Between May 2006 and November 2010, a group of 50 consecutive patients with 56 SB meningiomas underwent planning CT, MRI, and 68Ga-DOTATOC-PET/CT (with contrast-enhanced CT) prior to the start of therapy. Fifty meningiomas showed areas with high 68Ga-DOTATOC uptake. Infracranial extension was visible in MRI/CT or PET in 16/50 patients, who formed the study group and were further analysed in a retrospective manner. There was infracranial extension in all patients. In addition, some patients showed extracranial extension to other sites (not infracranial, four orbit and one maxillary sinus). These extensions were not evaluated in this study. The study group included 11 women and 5 men with a mean age of 54.4 (range 25-73) years. Eleven patients had undergone surgery and/or radiotherapy and 5 patients had not received any therapy before. Pathohistologically, there were 7 meningiomas with a WHO grade 1 tumour (9 unknown). Nine meningiomas underwent FSRT as primary treatment without histological confirmation, when imaging morphology and clinical course suggested the diagnosis of a WHO grade I or II meningioma. The study was based on the Declaration of Helsinki and the principles of 'good clinical practice'. The protocol was approved by the ethics committee of our institution. Written informed consent was obtained from all patients before enrolment into the study. Written informed consent was obtained from the patient for publication of this case report and accompanying images. A copy of the written consent is available for review by the Editor-in-Chief of this journal.
Details of imaging the tumour volume for fractionated radiotherapy in the Charité medical school have been described elsewhere . Briefly, following the planning-CT, MR imaging of the skull was performed with the use of a head coil in most patients with a 1.0 T scanner (Siemens Harmony™, Siemens Medical Solutions, Erlangen, Germany). Regularly, magnetization-prepared rapid gradient echo (MP-RAGE) T1-weighted sequences were used for coregistration after intravenous application of Gadolinium-DTPA ([Gd], Magnevist™, Schering AG, Berlin, Germany) at a dosage of 0.1 mmol/kg of body weight. These 3-D volume datasets at a 1- (to 1.5) mm slice thickness offer high spatial resolution and allow for coronal and sagittal reformations, enabling contouring in orthogonal planes.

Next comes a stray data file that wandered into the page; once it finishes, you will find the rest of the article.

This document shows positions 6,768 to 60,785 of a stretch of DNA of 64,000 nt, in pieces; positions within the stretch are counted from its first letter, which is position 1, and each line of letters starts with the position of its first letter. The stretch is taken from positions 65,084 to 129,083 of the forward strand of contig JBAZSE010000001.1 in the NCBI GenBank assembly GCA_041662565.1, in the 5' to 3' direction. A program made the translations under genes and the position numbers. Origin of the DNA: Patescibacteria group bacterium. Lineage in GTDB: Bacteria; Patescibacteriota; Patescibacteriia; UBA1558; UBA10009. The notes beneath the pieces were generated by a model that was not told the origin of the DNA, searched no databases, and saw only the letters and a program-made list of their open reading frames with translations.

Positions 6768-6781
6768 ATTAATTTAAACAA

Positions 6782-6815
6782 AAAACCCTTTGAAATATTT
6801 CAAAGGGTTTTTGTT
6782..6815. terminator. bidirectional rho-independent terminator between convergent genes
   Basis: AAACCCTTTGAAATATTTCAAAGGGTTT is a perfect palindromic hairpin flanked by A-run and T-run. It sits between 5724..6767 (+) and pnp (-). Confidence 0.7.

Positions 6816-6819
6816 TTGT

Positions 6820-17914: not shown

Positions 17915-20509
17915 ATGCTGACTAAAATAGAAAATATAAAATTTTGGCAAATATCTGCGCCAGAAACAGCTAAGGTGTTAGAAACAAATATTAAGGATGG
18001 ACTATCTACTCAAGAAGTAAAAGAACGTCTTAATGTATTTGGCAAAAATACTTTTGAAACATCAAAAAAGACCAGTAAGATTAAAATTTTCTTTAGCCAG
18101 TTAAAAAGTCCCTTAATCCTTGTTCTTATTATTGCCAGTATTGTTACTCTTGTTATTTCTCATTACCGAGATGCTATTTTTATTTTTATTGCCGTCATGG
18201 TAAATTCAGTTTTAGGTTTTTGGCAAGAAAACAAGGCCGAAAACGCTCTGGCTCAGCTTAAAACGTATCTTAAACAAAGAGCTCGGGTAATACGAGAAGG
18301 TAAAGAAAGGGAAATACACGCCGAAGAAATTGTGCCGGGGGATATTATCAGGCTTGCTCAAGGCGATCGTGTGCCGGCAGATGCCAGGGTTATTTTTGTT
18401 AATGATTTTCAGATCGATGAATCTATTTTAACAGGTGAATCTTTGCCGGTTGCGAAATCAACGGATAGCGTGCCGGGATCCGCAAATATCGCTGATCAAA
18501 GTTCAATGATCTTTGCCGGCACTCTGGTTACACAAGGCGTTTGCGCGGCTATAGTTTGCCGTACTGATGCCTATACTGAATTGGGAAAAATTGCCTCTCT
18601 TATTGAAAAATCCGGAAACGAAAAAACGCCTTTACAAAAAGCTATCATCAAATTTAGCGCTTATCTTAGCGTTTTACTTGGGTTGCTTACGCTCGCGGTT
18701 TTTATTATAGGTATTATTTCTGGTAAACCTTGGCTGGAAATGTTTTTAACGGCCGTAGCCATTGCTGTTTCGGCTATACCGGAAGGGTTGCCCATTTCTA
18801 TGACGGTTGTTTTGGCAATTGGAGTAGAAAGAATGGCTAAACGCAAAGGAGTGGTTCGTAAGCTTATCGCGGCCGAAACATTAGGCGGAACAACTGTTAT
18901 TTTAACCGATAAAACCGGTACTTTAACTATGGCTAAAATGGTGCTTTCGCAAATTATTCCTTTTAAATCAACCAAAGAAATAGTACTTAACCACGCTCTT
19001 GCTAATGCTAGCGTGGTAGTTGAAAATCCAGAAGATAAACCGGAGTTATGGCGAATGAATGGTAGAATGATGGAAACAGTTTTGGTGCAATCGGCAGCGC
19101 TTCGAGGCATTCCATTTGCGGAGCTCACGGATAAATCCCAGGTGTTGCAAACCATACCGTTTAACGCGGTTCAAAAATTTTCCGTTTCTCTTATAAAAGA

Details of functional imaging have been described previously . 68Ga-DOTATOC was applied intravenously followed by a tracer uptake phase of 60 min, as recommended by Henze et al. . The applied dose of 68Ga-DOTATOC was between 70 and 120 MBq (1.9-3.2 mCi). The patient was placed in a dedicated positioning device for the head using an additional cushion and bandages for fixation. A contrast enhanced low-dose CT scan (detector collimation, 16 × 1.5 mm; tube current, 100 mAs; tube voltage, 120 kV; gantry rotation time, 0.8 s) of the entire head was performed for attenuation correction. PET was acquired in a single bed position with a 16 cm axial FOV from the base of the skull to the vertex and an emission time of 20 minutes. PET emission data were reconstructed as coronal, axial, and sagittal using a 128 × 128 matrix.
Planning-CT, MRI, and PET data were coregistered using the treatment planning software BrainSCAN™ v.5.1 (BrainLAB AG, Feldkirchen, Germany). CT, MRI, and PET were fused automatically using image fusion software and a mutual information algorithm. The validity of image fusion has been successfully tested previously by Grosu et al. .
The windowing of 68Ga-DOTATOC-PET was defined visually following the method published by Astner et al. . The threshold of PET was adapted to tumours visible by MRI in regions where the tumour bordered normal brain tissue and could be outlined with high precision, e.g., where the meningioma bordered normal brain matter. Under the assumption that the 68Ga-DOTATOC-PET uptake in meningiomas is homogeneous , the tumour borders (defined on 68Ga-DOTATOC-PET images in slices with well defined borders by MRI) were used to outline the tumour margins on 68Ga DOTATOC-PET images in regions where the margins were not visible by MRI.
All examinations in one patient were performed within a time frame of 14 days. A checklist for local tumour extension and infiltration of bone and sites was used in this study. Conventional imaging findings were regularly interpreted by two experienced radiologists. Using a dedicated workstation, two experienced nuclear medicine physicians interpreted PET/CT fused images and their CT and PET components. If there was disagreement, the comparison results were reached by consensus.
The planning CT scans obtained with bone window settings (window width 2000 Hounsfield units, centre level 500 Hounsfield units) were used to determine the signs of erosion of adjacent bone or hyperostotic changes . Tumour-specific abnormalities were defined as hyperintense or Gd enhancing structures in MRI and tracer enhancing areas in PET, often a "side-to-side" comparison with MRI was used to determine if a structure was normal or abnormal . Visualization of bony structure changes, tumours spreading to the bony canals or foramina, communication with the middle fossa, and infracranial tumour expansion were compared in MRI, CT, and PET images. In an additional step, the infracranial volume was delineated using MRI/CT and 68Ga DOTATOC-PET separately. The statistical software R, version 2.11.1 (R Foundation for Statistical Computing, Vienna, Austria) was used for statistical analysis. Non-parametric differences were analysed using the Wilcoxon test (at a 0.05 level of significance).